Too Big to Fail
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Too Big to FailAndrew Ross Sorkin delivers the first true behind-the-scenes, moment-by-moment account of how the greatest financial crisis since the Great Depression developed into a global tsunami. From inside the corner office at Lehman Brothers to secret meetings in South Korea, and the corridors of Washington, TOO BIG TO FAIL is the definitive story of the most powerful men and women in finance and politics grappling with success and failure, ego and greed, and, ultimately, the fate of the world's economy.
Als die Finanzwelt am Abgrund stand
Als die Investmentbank Lehman Brothers über Nacht zusammenbrach, löste das Schockwellen um den ganzen Erdball aus. Die Bank war eigentlich zu groß und wichtig gewesen, um sie pleitegehen zu lassen. In einer brillanten Erzählung, die den Leser direkt in die Büros der Mächtigen führt, rekonstruiert der Journalist Andrew R. Sorkin den dramatischen Ausbruch der Finanzkrise von 2008/2009 und die verzweifelten Bemühungen von Bankern und Politikern, den völligen Kollaps des Finanzsystems zu verhindern. Auf der Grundlage von ausführlichen Interviews, firmeninternen E-Mails und Protokollen liefert Sorkin die definitive Darstellung der Krise, die viele bisher unbekannte Details verrät.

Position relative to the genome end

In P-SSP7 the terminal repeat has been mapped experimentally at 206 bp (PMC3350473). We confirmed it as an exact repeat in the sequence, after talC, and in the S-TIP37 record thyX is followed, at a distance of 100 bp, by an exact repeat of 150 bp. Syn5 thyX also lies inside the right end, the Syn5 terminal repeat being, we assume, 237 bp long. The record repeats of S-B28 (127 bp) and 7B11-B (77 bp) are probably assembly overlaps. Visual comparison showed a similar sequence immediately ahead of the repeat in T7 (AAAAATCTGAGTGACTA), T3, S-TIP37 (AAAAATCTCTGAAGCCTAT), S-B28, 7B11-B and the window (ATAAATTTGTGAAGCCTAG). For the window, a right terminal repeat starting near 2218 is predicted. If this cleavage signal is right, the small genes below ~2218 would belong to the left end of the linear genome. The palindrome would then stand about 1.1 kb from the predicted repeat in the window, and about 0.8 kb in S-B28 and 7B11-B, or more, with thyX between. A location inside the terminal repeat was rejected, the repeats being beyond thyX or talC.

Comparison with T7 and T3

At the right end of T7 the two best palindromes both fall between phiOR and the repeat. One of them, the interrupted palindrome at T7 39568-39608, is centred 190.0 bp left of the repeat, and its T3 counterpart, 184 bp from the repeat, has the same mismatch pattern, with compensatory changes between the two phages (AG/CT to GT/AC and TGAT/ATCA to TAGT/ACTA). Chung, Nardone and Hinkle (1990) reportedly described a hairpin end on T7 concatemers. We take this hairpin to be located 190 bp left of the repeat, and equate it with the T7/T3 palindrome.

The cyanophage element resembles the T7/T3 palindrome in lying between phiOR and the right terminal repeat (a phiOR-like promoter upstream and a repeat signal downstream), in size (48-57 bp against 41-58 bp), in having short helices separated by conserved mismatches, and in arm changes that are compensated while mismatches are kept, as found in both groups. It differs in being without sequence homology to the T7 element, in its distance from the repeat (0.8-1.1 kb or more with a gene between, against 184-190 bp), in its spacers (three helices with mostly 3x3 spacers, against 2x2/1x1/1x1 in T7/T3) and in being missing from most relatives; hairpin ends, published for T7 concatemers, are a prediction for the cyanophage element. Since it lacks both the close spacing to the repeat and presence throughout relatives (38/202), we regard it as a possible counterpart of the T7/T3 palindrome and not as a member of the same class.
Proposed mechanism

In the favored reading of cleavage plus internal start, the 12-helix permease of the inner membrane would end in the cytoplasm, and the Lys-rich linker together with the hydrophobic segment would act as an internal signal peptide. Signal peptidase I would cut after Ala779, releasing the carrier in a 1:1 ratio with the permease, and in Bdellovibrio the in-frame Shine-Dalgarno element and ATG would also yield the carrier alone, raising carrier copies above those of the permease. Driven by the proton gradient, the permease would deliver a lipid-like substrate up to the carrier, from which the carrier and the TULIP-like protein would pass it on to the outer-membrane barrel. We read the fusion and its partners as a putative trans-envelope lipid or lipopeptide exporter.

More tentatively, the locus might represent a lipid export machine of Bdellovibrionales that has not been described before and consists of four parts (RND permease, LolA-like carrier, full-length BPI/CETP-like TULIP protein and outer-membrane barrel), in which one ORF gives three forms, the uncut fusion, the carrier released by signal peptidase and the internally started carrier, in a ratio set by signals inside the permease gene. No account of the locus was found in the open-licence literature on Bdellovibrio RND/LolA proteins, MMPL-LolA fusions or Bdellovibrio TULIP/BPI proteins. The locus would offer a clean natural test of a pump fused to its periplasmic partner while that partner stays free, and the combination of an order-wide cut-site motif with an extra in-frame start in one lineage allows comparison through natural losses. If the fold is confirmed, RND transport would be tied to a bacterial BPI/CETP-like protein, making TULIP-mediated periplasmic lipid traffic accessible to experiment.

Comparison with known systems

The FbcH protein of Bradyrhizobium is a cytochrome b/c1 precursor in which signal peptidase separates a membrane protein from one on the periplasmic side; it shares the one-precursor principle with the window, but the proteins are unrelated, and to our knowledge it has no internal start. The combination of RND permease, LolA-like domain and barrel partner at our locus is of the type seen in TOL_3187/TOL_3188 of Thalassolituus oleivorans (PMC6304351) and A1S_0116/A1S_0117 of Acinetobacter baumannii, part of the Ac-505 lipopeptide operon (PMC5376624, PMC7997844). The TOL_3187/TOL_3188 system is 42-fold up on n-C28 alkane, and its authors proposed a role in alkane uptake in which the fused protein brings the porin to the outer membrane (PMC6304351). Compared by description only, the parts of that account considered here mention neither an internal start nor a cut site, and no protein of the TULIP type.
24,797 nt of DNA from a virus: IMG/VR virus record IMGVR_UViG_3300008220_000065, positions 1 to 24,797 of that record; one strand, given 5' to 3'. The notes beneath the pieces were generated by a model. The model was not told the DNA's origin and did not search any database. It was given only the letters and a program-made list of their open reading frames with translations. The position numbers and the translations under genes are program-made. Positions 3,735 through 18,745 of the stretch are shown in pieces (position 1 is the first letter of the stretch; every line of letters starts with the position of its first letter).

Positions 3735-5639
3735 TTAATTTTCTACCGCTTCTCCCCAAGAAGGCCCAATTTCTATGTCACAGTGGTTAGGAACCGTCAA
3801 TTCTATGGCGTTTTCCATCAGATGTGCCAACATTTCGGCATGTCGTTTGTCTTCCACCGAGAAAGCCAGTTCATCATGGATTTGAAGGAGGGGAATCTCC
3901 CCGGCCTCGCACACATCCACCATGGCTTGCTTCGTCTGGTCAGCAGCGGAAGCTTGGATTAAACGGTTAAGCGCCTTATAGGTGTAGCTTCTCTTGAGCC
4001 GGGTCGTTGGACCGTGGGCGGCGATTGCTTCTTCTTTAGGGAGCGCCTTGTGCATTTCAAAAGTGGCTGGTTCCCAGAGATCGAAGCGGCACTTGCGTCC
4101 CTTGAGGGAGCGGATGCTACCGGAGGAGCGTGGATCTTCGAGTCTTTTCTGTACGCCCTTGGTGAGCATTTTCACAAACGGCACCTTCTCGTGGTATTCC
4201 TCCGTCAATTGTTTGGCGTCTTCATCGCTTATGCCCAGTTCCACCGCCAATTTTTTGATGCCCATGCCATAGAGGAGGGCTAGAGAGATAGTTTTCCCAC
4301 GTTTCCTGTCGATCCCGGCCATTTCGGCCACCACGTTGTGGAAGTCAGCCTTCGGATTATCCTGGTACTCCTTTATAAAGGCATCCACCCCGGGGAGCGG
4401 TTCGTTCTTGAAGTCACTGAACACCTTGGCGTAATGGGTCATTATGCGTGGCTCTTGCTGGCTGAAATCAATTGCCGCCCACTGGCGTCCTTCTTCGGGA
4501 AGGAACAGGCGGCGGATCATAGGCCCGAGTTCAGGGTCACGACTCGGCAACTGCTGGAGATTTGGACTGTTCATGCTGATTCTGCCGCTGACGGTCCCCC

- Verlag: Penguin Us
- Upd. ed.
- Ausstattung/Bilder: Upd. ed. 2010. 618 p. 16-page b/w photo insert on insert stock. 8.43 in
- Seitenzahl: 624
- Abmessung: 213mm x 141mm x 40mm
- Gewicht: 614g
- ISBN-13: 9780143118244
- ISBN-10: 0143118242
- Best.Nr.: 28950107
"...his action scenes are intimate and engaging..."
- The New Yorker
"Sorkin's prodigious reporting and lively writing put the reader in the room for some of the biggest-dollar conference calls in history. It's an entertaining book, brisk book...Sorkin skillfully captures the raucous enthusiasm and riotous greed that fueled this rational irrationality."
- The New York Times Book Review
"...brings the drama alive with unusual inside access and compelling detail...A deeply researched account of the financial meltdown."
"...meticulously researched...told brilliantly. Other blow-by-blow accounts are in the works. It is hard to imagine them being this riveting."
- The Economist